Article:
Keywords: Mir Space Station, Salyut Space Station, Soyuz Spacecraft, Zond Space Probes, Spacecraft Docking, Space Stations, Soviet Spacecraft

    Abstract: The heritage of the major Mir complex hardware elements is described. These elements include Soyuz-TM and Progress-M; the Kvant, Kvant 2, and Kristall modules; and the Mir base block. Configuration changes and major mission events of the Salyut 6, Salyut 7, and Mir multiport space stations are described in detail for the period 1977-1994. A comparative chronology of U.S. and Soviet/Russian manned spaceflight is also given for that period. The 68 illustrations include comparative scale drawings of U.S. and Russian spacecraft as well as sequential drawings depicting missions and mission events.



  5. Ronald L. Newman, STS-61 Mission Director's Post-Mission Report, TM-104803, 1/1/1995, pp. 154, Location unavailable.

    Keywords: Mission Planning, Hubble Space Telescope, Postmission Analysis (Spacecraft), Operations Research, Management Planning

    Abstract: To ensure the success of the complex Hubble Space Telescope servicing mission, STS-61, NASA established a number of independent review groups to assess management, design, planning, and preparation for the mission. One of the resulting recommendations for mission success was that an overall Mission Director be appointed to coordinate management activities of the Space Shuttle and Hubble programs and to consolidate results of the team reviews and expedite responses to recommendations. This report presents pre-mission events important to the experience base of mission management, with related Mission Director's recommendations following the event(s) to which they apply. All Mission Director's recommendations are presented collectively in an appendix. Other appendixes contain recommendations from the various review groups, including Payload Officers, the JSC Extravehicular Activity (EVA) Section, JSC EVA Management Office, JSC Crew and Thermal Systems Division, and the STS-61 crew itself. This report also lists mission events in chronological order and includes as an appendix a post-mission summary by the lead Payload Deployment and Retrieval System Officer. Recommendations range from those pertaining to specific component use or operating techniques to those for improved management, review, planning, and safety procedures.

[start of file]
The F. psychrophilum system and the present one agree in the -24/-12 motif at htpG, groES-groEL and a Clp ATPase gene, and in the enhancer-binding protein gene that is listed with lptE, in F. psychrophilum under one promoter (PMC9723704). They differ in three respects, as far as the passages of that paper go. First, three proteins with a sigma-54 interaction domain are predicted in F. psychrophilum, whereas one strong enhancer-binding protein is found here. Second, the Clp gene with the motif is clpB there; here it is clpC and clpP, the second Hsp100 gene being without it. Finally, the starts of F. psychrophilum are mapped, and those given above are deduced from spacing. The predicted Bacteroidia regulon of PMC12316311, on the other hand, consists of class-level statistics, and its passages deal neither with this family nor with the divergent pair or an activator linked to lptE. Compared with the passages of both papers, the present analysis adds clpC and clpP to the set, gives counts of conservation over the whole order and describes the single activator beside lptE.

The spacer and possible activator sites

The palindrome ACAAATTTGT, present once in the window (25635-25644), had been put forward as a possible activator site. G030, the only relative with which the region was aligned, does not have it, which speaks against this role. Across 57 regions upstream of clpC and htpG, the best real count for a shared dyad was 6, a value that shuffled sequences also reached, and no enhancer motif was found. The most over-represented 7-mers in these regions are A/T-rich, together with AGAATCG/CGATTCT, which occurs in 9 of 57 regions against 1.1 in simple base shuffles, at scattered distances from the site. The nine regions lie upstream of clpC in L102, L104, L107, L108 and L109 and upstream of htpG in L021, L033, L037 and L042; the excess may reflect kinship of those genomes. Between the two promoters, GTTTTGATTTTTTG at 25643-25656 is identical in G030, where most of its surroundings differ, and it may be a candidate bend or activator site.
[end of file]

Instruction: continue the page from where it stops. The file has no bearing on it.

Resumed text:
6. Franklin R. Chang Diaz, Michael M. Hsu*, Ellen Braden, Ivan Johnson, Tien Fang Yang**, Rapid Mars Transits With Exhaust-Modulated Plasma Propulsion, TP-1995-3539, 3/1/1995, pp. 14, *US Navy det Dept of Physics, Cambridge University, U.K. **Yang Technologies, Inc., Cambridge, MA.

    Keywords: robotic missions, Mars missions, specific impulse, constant power, plasma propulsion, trajectory optimization, Mars probes, propulsion system performance

    Abstract: The operational characteristics of the Exhaust-Modulated Plasma Rocket are described. Four basic human and robotic mission scenarios to Mars are analyzed using numerical optimization techniques at variable specific impulse and constant power. The device is well suited for "split-sprint" missions, allowing fast, one-way low-payload human transits of 90 to 104 days, as well as slower, 180-day, high-payload robotic precursor flights. Abort capabilities, essential for human missions, are also explored.



  7. William C. Schneider, Ph.D., Compiler, 29th Aerospace Mechanisms Symposium, CP-3293, 5/1/1995, pp. 414, Proceedings of a symposium cosponsored by Lyndon B. Johnson Space Center and Lockheed Missiles and Space Company, Inc., Sunnyvale, CA 94088, and held at South Shore Harbour Conference Facility, League City, Texas, May 17-19, 1995. Responsible person is William C. Schneider, Ph.D., Engineering Directorate, telephone number 713-483-0313.

    Keywords: spacecraft components, array deployment; robotics; end effectors; actuators; dampers; reaction compensation; pointing mechanisms; antenna deployment; booms

    Abstract: The proceedings of the 29th Aerospace Mechanisms Symposium, which was hosted by NASA Johnson Space Center and held at the South Shore Harbour Conference Facility on May 17-19, 1995, are reported. Technological areas covered include actuators, aerospace mechanism applications for ground support equipment, lubricants, pointing mechanisms joints, bearings, release devices, booms, robotic mechanisms, and other mechanisms for spacecraft.



  8. Sherry A. Land; Jane T. Malin; Carroll Thronesbery*; Debra L. Schreckenghost*, A Guide to Developing Intelligent Monitoring Systems, TM-104807, 7/1/1995, pp. 103, *Metrica Inc., Houston, Texas.